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The Big Plastic Count on Campus - what happens next?

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In May 2022 the Big Plastic Count came to the University of Leeds, and we asked students and staff to report the single-use plastic that they found on campus.  Programme Officer Claire Booth tells us more about working on the Plastic Pledge, what the Big Plastic Count showed us, and where we go from here.

The University of Leeds Plastic Free pledge

I took on leadership of the Plastic Pledge programme within the University’s Sustainability Service earlier this year and there is no doubt that leading it represents a significant and complex challenge!

The pledge – to remove single-use plastic from operations by 2023 - was initiated in 2018 by the University and Leeds University Union.  It was made in the context of and in response to David Attenborough’s Blue Planet II series. The programme vividly highlighted the impact of plastics on marine life and sparked a huge shift in consumer awareness.

It was one of the first and boldest pledges of any Higher Education organisation, showing our leadership in finding and implementing solutions to address global problems.

Since then, much has changed both globally and within the University, not least the global Covid-19 pandemic. Despite some great work over the last few years, new plastics have been needed in some areas to help keep us all safe, along with the return of some old ones.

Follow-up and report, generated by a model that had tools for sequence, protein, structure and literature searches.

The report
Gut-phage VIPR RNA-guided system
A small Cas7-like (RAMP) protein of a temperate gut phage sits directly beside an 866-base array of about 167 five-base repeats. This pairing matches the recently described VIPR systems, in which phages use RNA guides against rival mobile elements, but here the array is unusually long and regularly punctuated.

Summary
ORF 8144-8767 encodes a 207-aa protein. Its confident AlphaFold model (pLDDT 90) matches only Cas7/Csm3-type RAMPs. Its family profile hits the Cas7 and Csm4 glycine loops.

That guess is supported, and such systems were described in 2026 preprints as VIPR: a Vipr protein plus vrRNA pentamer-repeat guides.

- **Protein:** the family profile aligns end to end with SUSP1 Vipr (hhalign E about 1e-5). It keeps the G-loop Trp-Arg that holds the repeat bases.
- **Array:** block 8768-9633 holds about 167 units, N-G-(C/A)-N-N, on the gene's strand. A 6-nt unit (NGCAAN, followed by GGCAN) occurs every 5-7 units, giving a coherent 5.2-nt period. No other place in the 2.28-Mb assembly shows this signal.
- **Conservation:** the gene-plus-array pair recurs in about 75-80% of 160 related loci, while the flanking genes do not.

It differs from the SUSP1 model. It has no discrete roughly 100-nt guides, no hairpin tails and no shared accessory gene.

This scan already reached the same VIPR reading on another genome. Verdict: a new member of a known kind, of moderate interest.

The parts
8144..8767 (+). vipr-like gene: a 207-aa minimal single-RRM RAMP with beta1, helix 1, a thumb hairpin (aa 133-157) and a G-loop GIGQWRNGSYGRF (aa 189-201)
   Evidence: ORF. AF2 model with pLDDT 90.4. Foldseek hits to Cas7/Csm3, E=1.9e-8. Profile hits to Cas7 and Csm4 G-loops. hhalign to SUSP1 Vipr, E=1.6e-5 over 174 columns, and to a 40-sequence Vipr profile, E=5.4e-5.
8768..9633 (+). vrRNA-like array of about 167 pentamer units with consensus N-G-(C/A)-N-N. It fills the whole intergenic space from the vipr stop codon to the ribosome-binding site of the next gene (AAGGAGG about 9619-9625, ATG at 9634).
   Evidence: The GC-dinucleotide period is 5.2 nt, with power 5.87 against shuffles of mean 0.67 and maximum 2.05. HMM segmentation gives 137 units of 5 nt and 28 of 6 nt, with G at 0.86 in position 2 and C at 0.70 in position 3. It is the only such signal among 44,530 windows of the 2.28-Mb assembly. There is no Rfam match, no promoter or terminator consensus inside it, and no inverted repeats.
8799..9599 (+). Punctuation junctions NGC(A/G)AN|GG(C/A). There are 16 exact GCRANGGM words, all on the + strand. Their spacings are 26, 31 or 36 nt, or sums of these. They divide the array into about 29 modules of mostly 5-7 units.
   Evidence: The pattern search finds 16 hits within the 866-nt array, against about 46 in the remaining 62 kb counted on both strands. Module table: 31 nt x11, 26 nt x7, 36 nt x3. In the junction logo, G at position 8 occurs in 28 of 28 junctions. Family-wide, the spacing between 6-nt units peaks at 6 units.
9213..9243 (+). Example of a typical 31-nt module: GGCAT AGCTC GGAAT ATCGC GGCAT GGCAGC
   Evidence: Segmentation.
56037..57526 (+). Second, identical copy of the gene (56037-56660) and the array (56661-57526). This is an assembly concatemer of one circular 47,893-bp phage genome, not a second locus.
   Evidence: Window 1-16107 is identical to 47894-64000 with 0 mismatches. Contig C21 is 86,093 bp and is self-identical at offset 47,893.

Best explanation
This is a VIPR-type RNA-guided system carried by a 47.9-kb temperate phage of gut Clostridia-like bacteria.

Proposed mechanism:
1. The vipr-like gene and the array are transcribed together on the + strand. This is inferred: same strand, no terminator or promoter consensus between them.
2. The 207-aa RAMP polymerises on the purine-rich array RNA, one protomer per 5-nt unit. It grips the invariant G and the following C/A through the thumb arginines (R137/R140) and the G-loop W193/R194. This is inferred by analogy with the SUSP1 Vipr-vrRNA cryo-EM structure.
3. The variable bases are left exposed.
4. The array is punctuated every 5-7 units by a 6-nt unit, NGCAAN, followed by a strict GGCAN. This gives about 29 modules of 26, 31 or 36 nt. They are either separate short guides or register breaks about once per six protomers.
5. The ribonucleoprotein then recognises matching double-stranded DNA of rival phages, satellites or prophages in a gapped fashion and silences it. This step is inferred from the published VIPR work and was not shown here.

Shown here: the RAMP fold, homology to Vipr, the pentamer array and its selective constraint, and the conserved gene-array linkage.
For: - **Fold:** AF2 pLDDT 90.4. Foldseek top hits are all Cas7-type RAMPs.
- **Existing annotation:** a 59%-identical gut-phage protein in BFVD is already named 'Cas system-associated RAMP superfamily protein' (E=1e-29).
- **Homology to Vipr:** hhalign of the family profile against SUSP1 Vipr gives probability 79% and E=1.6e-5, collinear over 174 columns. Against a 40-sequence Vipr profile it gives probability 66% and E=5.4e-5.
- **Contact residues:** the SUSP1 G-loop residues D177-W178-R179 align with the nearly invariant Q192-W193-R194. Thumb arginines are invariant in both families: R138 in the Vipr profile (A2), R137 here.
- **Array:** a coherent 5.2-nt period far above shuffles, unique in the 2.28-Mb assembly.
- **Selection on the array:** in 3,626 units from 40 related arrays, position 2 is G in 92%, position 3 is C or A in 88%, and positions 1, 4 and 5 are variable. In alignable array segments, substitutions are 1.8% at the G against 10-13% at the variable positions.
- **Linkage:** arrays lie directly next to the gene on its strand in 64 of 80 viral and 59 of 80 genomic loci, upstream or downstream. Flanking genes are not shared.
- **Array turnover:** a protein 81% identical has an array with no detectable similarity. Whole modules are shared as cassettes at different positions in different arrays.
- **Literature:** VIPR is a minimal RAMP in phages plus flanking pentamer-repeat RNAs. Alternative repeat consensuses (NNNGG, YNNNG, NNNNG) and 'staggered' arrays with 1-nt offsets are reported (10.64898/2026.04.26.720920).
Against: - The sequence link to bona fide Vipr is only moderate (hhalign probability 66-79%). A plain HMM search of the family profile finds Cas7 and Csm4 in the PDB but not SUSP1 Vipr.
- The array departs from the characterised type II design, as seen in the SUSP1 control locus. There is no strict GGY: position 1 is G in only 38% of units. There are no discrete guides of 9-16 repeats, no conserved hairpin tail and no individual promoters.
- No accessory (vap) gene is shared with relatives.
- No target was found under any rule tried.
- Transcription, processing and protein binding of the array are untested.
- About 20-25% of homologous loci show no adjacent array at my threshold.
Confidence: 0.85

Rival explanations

As we look forward to the coming academic year hopefully unhindered by Covid-19 restrictions, there’s a need to reconsider where we are with single-use plastics and where we go with the Plastic Pledge beyond 2023. And of course it’s critical that we do this in a way that’s collaborative, transparent and honest.

Our first step in this was to take a fresh look at what single-use plastics were in use across the University, and that’s where the Big Plastic Count on Campus comes in.

What was the Big Plastic Count on Campus?

The Big Plastic Count on Campus was inspired by the national Greenpeace and Everyday Plastic ‘Big Plastic Count’ campaign, which asked households to take part in the UK’s biggest ever investigation into plastic waste.

Between May 16th and 31st, we asked students and staff to record the single-use plastic items they came across on campus and report them through a simple online form.  From previous work we knew that laboratories are particularly challenging to remove single-use plastic from, so Student Sustainability Architect Ashley Victoria developed a dedicated Labs plastics form.

We received responses from schools and services across the University, including the Student Education Service, Dentistry, Medicine, Food Sciences, History, Facilities Directorate, Professional Services and Languages.

What did we find out?

The national Plastic Big Plastic Count campaign found that food packaging was the biggest contributor to single-use plastics in most homes.

We saw similar here on campus.  Catering outlets and offices were where most single-use plastics were identified. A fifth of respondents spotted food packaging, along with items including bin bags, gloves, cups, cleaning products and delivery packaging.

Some sources of plastic waste on campus are outside of our direct control – for example that sold by third party vendors such as the Co-op in LUU and Caffé Nero.